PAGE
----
With the camshaft disconnected and removed, the zillion head nuts and various bolts for the rocker arm stands were all extracted, but I could feel that there were stripped 6mm bolt holes in the head. Two of the bolts were not installed at all, owing to the fact that the rocker box gasket holes were out of place, so they decided to just leave them out.

The head was lifted off and the condition of the head gasket seemed to be fine. It definitely was a big bore motor, so a Cometic special gasket was sourced from an eBay seller. The bore spacing on these engines are pretty wide, so the chance of a gasket blowing out between cylinders seems remote. That left the valves to be inspected. All of the valve heads were marked “Made in Japan” which indicates that they are NOT OEM parts. The intake valves wouldn’t come out of the guides until I filed down the ridges that had formed around the valve keeper areas. The valves and seats were making good clean contact, so that left the exhaust valves to be the source of low compression. Sure enough, the exhaust valve seats in the head looked pretty good, but all of the exhaust valve faces were pitted all the way around and all were exactly the same. Honda wants $70+ each for an exhaust valve, so I tapped into my account at and ordered up a whole set of valves (same brand), plus a set of reproduction intake manifolds and a few spare bolts/nuts for about $250 delivered from Holland.

I had to reorder a set of Heli-coil repair inserts to repair all of the damaged 6mm holes. An eBay seller has a nice kit for less than $20, with 25 inserts, plus all the installation tools. After de-greasing the head and installing all the inserts, it was ready for new valves and stem seals. I bought a different brand of gasket set (NE) from an eBay seller and instead of ill-fitting gaskets, I was dismayed to discover that the “complete kit” was missing all 6 of the rubber seals, the two small o-rings for the rocker stand feeds and the 8 sleeve rubbers that are used on the later engines. The kit was labeled 1969-76, but was sorely lacking in content. I complained to the seller and was refunded $11. It’s another case of wondering why some company would go to the trouble to make a gasket set and get it all wrong….???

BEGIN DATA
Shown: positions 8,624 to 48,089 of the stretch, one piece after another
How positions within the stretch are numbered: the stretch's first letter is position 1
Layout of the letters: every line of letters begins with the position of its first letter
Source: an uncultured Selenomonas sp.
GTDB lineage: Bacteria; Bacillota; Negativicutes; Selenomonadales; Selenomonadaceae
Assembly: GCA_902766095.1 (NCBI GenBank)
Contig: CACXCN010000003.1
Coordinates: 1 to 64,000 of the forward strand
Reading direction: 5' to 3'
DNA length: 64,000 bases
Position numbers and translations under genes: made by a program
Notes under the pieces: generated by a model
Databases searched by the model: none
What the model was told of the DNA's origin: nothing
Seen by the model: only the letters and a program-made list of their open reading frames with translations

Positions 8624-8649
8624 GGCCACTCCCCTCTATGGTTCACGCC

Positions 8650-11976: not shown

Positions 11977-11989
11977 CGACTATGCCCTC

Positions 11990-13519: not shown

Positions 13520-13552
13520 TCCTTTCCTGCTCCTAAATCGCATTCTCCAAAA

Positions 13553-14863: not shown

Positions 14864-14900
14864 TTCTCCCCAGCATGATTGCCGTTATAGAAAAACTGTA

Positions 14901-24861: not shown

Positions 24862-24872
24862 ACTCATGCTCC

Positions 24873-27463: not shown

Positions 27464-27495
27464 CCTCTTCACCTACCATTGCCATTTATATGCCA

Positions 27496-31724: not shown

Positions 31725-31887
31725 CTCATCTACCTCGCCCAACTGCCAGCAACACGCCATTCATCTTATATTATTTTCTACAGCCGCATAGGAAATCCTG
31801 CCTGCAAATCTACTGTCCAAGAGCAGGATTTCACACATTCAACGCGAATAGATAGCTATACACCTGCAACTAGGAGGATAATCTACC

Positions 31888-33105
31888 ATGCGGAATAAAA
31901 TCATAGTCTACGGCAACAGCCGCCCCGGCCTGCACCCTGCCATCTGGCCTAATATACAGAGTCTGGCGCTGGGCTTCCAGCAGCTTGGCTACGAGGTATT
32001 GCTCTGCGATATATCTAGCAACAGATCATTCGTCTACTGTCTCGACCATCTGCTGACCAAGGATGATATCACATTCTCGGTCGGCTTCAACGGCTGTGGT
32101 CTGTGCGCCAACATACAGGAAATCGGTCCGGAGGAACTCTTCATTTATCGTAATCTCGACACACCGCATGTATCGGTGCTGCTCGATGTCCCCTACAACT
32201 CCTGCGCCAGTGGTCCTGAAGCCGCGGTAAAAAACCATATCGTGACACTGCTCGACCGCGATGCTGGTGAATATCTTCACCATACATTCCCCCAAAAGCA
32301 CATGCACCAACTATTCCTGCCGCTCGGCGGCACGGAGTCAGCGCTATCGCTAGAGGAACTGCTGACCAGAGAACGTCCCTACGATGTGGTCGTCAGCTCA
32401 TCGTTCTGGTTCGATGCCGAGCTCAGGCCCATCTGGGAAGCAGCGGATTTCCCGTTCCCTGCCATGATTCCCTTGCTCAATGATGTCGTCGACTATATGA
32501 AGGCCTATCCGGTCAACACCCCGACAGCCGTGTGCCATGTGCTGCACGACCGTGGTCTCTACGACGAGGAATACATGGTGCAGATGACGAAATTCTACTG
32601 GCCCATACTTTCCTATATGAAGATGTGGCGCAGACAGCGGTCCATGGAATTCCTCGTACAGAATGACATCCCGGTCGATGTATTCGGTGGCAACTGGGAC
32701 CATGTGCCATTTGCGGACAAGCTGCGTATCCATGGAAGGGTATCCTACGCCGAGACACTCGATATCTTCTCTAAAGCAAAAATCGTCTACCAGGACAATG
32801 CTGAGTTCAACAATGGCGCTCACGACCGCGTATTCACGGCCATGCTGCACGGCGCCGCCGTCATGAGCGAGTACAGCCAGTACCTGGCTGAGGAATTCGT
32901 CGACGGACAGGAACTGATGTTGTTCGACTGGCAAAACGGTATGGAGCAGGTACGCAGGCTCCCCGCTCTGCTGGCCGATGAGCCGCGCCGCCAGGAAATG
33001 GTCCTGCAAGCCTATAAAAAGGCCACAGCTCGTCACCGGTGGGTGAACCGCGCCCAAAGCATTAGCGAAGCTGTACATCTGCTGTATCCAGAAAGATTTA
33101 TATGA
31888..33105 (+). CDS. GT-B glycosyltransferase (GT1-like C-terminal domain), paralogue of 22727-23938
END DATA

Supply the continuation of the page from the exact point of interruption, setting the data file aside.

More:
After waiting for all the incoming parts orders, the reassembly commenced. The camchain was a little worn, so you can see it moving a bit on the sprocket. Camchains on 750s are the same length as those on the 250-305, 350 engines, but they are endless instead of having a master link. To replace the camchain requires a full tear-down of the engine so you can loop the camchain over the crankshaft sprocket.

Initially, I missed the cam timing by one tooth and a quick check of the compression readings came up in the 120 psi range! Shifting it back to where it was supposed to be yielded 170 psi readings across the board. Slowly, the rest of the top end was reassembled and buttoned up. The new intake manifolds were almost as hard as the old ones. It took about a half hour of shifting them around and pushing the carbs on with a pry bar to get them seated and clamped down correctly.

Wrestling the exhaust pipes back onto the chassis was another twenty-minute task, as all the clamp bolts were rusted and needed to be replaced and the pipes positioned correctly. The inboard pipes were reattached with hose clamps again as there were no other options. Working on these “custom” bikes has worn me out with endless tasks to make the parts go back onto the bike working with someone else’s ideas of what is “cool” and custom.

I fired the engine up on a remote bottle feed to see how it would run. The mufflers appear to have baffles on the end, but they are basically straight-through, so quite loud. I’m sure that my neighbors will be pleased not to hear that roar for too long.

The fuel lines cracked when I pulled on them to hook up the petcock fittings, so those needed to be replaced with 5.5mm Honda hoses. The rear brake pedal hits the muffler unless you position it just right and adjust the brake rod to find a happy place between being too high and hitting the muffler below.

Eventually, it all came together and it went out for a test run around town. The bike has a bit of a flat spot at 4k then comes alive after that. Idle is good but there is a little backfiring happening in that #3 cylinder that must be carb related, as the manifolds were all changed and the jetting is the same as all the other cylinders. 

With some miles run in with the new owner, we'll see if it heals itself or needs a round of carb work which is quite time-consuming with the later carb sets. I dropped it back off to the owner and he's happy to have both bikes back and running with a lot fewer problems and more understanding of what they need and perhaps a deeper knowledge of what to look out for in future purchases.

Bill Silver aka MrHonda


What this bike would have looked like from the factory.